IMMA is delighted to present PROTEST! a major retrospective of the work of one of the most influential figures in 20th century British culture, Derek Jarman. While addressing Jarman’s important contribution to film, this exhibition will focus on his wider practice as a painter, writer, set-designer, gardener and political activist. This is the first time that these diverse strands of his practice will be brought together in over 20 years.
PROTEST! captures Jarman’s engagement with both art and society, as well as his contemporary concerns with political protest and personal freedoms arising from the AIDS crisis. Major bodies of work, from the 1960s to the 1990s, have been brought together; many of which have never been seen in public before.
Derek Jarman studied at the Slade School of Art, London in the early 60s, and was part of a group of young painters, including Patrick Procter and David Hockney, who embodied a changing mood in British art. More than 80 early works have been identified from the period 1958 to 1970, and some 30 of these are previously unknown and have been catalogued, conserved and documented for this exhibition.
Sometimes called ‘The Andy Warhol of London’, as early as 1967 Jarman was hired to produce design sets such as Jazz Calendar by Frederick Ashton at the Royal Ballet; and in 1971 the set for Ken Russell’s The Devils. The exhibition includes many original designs by Jarman; photographs of the realised sets and a group of seven costumes designed by Oscar-winning costume designer Sandy Powell. While collaboration was at the heart of Jarman’s practice it also highlights his status as an incubator of young talent. Figures such as Tilda Swinton, Toyah Wilcox, Joanna Hogg, Sean Bean and John Maybury had their first opportunities under Jarman’s direction.
In 1976 he produced his first full length feature film Sebastiane, a queer telling of the story of the martyrdom of St Sebastian. Against the backdrop of Thatcherism and a socially conservative Britain, Jarman’s work made queer lives and history visible; a provocation to the dominant hierarchies.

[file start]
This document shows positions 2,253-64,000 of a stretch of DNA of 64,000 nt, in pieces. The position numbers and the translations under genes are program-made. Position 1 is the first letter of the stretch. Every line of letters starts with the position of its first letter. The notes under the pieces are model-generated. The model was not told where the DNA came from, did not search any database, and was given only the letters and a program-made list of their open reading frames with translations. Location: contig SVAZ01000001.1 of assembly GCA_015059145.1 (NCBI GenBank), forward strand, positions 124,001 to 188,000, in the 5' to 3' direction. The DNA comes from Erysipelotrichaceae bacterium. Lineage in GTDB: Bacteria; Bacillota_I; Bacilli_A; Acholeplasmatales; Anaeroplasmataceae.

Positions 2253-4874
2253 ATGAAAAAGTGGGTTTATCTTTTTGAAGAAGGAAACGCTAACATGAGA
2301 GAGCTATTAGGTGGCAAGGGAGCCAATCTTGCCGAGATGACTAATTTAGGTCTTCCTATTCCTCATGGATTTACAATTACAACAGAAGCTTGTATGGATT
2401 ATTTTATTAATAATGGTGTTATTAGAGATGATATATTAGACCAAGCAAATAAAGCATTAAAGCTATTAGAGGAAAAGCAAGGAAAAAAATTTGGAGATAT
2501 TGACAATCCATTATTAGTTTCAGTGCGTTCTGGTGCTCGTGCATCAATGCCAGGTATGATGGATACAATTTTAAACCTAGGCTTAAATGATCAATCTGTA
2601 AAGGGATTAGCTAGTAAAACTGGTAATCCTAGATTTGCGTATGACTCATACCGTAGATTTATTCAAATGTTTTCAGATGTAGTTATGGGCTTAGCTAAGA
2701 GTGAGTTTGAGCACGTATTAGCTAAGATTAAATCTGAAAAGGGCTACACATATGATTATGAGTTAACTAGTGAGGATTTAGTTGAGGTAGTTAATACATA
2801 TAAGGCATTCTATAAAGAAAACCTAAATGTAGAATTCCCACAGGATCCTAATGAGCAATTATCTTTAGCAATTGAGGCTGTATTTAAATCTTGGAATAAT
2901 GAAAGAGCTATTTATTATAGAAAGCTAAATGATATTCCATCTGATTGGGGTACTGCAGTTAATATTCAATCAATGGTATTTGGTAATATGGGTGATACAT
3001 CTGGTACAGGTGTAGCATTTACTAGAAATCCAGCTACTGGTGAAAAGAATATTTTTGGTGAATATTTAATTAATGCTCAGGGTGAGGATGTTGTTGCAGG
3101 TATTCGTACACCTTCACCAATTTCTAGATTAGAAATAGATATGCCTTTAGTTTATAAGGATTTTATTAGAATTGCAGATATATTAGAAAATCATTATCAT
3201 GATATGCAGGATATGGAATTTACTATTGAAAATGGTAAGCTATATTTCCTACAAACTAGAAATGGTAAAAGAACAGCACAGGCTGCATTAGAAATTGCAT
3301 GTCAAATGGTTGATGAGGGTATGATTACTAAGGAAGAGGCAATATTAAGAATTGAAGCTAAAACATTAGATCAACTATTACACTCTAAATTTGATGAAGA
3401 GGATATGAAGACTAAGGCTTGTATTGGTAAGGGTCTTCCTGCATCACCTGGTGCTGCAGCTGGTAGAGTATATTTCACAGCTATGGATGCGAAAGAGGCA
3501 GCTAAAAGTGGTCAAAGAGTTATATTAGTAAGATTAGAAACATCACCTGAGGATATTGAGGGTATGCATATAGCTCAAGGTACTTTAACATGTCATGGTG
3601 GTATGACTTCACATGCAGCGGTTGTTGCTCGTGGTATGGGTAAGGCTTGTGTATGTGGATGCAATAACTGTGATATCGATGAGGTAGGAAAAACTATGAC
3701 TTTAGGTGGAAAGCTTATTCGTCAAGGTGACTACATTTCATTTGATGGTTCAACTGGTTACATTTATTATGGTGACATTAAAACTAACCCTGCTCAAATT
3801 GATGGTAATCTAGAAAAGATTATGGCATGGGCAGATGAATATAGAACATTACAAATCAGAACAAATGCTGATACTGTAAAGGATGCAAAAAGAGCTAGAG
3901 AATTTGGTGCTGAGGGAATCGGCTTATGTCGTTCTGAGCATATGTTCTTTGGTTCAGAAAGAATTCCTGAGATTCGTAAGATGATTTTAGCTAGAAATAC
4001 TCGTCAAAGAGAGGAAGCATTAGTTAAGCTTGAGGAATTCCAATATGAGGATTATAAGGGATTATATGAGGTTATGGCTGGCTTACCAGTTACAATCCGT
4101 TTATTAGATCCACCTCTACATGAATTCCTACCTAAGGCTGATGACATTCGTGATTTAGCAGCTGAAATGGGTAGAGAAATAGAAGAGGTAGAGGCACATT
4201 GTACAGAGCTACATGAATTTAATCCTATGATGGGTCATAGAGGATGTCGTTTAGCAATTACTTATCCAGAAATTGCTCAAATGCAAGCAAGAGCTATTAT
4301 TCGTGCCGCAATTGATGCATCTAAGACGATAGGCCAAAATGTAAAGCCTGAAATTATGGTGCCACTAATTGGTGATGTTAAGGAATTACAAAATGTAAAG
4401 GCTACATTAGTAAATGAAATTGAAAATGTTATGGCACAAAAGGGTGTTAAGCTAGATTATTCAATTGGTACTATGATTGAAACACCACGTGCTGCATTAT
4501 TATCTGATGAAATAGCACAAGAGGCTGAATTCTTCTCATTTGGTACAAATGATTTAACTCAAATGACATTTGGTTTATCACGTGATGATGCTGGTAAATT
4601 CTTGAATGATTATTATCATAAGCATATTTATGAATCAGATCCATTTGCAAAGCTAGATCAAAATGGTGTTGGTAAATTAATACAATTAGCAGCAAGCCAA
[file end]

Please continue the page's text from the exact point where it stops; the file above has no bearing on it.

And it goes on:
Caravaggio’s life and art were a source of inspiration. Over a period of more than ten years Jarman made paintings using techniques borrowed from the Renaissance master. Making a feature film on Caravaggio’s life became an obsession. This research led to the creation of volumes of sketchbooks, storyboards, and paintings. Following the release of the film Caravaggio in 1986, he was nominated for the Turner Prize that year.
Jarman made music videos at a time when the medium was in its infancy. His collaborators included figures like The Smiths, Marianne Faithful, Bob Geldof, Marc Almond, Pet Shop Boys and Suede.
At the end of 1986 Jarman was diagnosed as HIV-positive. AIDS was then a fatal, non-treatable disease which the tabloid press described as a plague. This diagnosis transformed Jarman’s practice and led to a new kind of activism as he worked to raise awareness of AIDS. This is expressed in his paintings such as Queer (1992), from his expansive series of ‘Slogan Paintings’. These monumental works, from the early 1990s, incorporating phrases related to government policy, tabloid hysteria and public fear of the AIDS crisis remain powerful comments on the socio-political climate of the time.
Jarman’s diagnosis coincided with a move to Prospect Cottage in Dungeness, Kent, which is over shadowed by the Dungeness nuclear power station. Here he created a unique and highly-regarded garden, the site of his film The Garden (1990) and book Derek Jarman’s Garden (1995).
PROTEST!, published by Thames and Hudson 2020
Derek Jarman, PROTEST! is organized by IMMA in partnership with Manchester Art Gallery (2 Apr – 31 Aug 2020), and is accompanied by additional projects at VOID, Derry and John Hansard Gallery, Southampton.
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